Make it green. Plenty of green fruits and veg­eta­bles turn the daily smoothie into a BIG Green energy machine. Avo­cado, kale, baby spinach, kiwi, cucum­ber, mint, lime, apples, cel­ery and chard qualify.
  • Soup Plus Sand­wich

    A mid-​winter slump begs for more choices in the week night meal rota­tion. Soup and sand­wich riffs take some pres­sure off any­one respon­si­ble for putting food on the table.

    Afford­able and sat­is­fy­ing, a grilled cheese sand­wich and tomato soup combo are pretty hard to beat.

    Their warmth and com­fort goes past those Campbell’s Soup com­mer­cials. Think of other nat­ural pair­ings and get into the spirit of a lunch or din­ner that don’t require much home­work.

    Explore cream of cel­ery, French onion, Thai aspara­gus, veg­etable, potato — leek and mine­strone soup pro­files. A vast cat­a­log of recipes are avail­able to assist.

    Spicy ver­sions of tor­tilla, Mul­li­gatawny and pho take us to great exotic tastes from around the world. Chile pep­pers, curry, lentils, gin­ger root, mush­rooms and gar­lic make for excep­tional soup starters.
  • Soup Vital­ity

    Soup from scratch is well worth the small effort it takes to make. Likely, the famil­iar, basic com­po­nents are already in the pantry.

    Why wait for that req­ui­site sea­sonal cold or flu to set­tle in? Make soup now as it can be a com­fort for the soul and a tonic to the body.

    The nutri­tional val­ues and sooth­ing prop­er­ties of soup work on mul­ti­ple lev­els.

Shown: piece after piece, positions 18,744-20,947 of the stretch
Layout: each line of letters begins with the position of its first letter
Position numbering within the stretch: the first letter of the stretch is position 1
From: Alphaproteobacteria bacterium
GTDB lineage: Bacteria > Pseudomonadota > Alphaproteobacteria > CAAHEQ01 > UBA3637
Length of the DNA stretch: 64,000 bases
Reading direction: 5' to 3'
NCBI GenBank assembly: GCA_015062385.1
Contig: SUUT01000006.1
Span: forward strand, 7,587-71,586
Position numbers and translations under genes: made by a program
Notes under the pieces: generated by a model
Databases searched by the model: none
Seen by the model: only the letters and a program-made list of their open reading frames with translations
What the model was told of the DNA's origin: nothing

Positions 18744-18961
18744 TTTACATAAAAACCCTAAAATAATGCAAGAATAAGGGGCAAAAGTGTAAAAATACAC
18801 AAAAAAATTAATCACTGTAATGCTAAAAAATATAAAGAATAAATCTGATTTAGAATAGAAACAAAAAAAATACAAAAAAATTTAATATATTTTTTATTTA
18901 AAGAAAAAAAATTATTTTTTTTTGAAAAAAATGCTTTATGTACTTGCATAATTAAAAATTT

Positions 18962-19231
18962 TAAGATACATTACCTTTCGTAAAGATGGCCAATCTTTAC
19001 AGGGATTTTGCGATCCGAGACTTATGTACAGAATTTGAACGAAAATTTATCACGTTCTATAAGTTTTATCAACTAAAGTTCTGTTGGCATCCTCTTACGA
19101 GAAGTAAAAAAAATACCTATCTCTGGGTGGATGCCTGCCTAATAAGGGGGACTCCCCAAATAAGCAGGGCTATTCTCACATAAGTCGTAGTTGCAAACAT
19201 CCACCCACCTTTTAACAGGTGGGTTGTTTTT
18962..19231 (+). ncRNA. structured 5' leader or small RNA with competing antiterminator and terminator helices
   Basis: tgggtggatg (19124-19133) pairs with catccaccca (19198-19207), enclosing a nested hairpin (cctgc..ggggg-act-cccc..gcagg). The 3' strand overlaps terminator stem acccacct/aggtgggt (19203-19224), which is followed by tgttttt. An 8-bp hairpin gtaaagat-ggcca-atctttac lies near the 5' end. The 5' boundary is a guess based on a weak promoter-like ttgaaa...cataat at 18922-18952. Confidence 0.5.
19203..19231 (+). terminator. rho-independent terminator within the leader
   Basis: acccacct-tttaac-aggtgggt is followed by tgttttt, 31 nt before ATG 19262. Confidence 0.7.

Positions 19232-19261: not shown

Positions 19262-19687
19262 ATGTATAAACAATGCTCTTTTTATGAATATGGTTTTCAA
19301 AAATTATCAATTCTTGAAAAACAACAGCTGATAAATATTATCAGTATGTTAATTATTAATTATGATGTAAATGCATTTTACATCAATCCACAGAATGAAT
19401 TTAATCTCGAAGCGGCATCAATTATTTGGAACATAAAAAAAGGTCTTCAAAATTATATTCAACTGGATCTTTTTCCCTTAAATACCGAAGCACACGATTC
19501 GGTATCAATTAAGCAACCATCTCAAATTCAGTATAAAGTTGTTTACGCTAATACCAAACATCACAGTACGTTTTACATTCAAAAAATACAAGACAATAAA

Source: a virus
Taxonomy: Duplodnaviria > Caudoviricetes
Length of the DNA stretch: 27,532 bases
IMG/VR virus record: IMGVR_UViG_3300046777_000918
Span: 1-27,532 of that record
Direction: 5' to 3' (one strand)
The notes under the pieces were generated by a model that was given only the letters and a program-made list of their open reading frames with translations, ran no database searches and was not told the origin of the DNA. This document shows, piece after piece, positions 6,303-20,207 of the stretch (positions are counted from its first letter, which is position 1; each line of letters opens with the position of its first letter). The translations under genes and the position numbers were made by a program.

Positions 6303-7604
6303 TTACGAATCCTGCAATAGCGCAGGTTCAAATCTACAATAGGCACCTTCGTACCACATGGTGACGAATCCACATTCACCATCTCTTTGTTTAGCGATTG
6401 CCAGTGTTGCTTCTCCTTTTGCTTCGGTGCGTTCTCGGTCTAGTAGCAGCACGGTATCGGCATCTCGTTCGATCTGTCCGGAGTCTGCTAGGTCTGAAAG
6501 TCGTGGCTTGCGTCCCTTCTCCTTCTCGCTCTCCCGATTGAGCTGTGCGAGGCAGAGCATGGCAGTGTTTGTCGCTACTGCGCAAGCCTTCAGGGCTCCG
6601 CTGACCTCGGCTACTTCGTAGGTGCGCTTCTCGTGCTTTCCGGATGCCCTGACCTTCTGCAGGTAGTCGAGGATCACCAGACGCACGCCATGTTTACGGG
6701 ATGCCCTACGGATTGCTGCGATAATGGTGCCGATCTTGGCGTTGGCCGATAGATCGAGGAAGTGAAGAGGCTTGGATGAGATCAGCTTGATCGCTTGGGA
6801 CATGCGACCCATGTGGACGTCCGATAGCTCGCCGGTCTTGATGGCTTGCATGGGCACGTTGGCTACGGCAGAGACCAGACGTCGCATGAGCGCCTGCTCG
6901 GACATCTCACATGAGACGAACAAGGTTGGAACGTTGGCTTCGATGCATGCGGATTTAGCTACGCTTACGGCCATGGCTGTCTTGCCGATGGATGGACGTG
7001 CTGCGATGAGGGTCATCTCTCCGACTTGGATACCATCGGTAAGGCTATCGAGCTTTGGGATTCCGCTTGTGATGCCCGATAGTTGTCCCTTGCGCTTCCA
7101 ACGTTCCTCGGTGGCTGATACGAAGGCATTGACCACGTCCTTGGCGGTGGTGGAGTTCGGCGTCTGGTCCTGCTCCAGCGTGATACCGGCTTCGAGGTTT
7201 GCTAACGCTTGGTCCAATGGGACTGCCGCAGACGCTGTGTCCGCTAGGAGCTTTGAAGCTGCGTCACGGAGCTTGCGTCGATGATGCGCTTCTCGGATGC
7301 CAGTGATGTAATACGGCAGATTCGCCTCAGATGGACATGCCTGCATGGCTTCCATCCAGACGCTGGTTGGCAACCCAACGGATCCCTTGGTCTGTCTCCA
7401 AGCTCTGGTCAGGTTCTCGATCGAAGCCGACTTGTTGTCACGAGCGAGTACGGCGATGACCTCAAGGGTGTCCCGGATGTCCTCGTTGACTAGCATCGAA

Con­sum­ing plenty of liq­uids is always advised when fight­ing of aller­gens or bat­tling anti­bod­ies. The broth of soup counts toward flush­ing out the tox­ins and hydrat­ing the weary body.

    Warm liq­uids tend to clear the sinus pas­sages. Hot water and hot tea suf­fice, but hot soup is a wel­come change to the daily steam regimen.
  • Sum­mer Jams

    Music venues and out­door con­certs get a lot of traf­fic all sum­mer long. Indi­vid­ual tastes run the spec­trum from rock, blues and coun­try to reg­gae, pop and rap.

    Clas­si­cal sum­mer choices fea­ture Mozart and Bach. If sym­phonies and operas don’t res­onate, try a dif­fer­ent type of sum­mer jam.

    Peak of sea­son fruits beg for pre­serv­ing in some fash­ion. We can’t eat it all no mat­ter how hard we try. Jams, jel­lies, com­potes and mar­malades allow the essence of sum­mer to be cel­e­brated in a jar.

    Sin­gle small batched jams can be achieved in a short period of time, mak­ing the process rel­a­tively pain­less. In just an hour of invest­ment, fruit can be trans­formed in to a mag­nif­i­cent jarred treat.

    Like most other food endeav­ors, we get out of it what we put in to it. Qual­ity going in means qual­ity in the jar. Pick or pur­chase high-​quality fruit at its peak for fla­vor, tex­ture, and color. Skip mushy, over­ripe, and dis­eased fruit.

  • Sun­ny­side Up

    Hun­ker­ing down to avoid the win­ter dol­drums requires a cer­tain amount of self-​awareness. Dreary, cold Jan­u­ary days sup­press high spir­its and kill spunk.

    Need a quick boost? Skip the day spa and go straight to the fruit bowl. A shot of sun­shine and bright­ness is just a peel away.

    Cit­rus ther­apy invig­o­rates the senses and tricks the mind into ener­gized, warmer thoughts.

    A sim­ple act of reach­ing for any type of cit­rus– orange, man­darin or grape­fruit– sets a tone for self care and good health. This choice, above other salty or sweet snack options, rein­forces good behav­ior and new year res­o­lu­tions.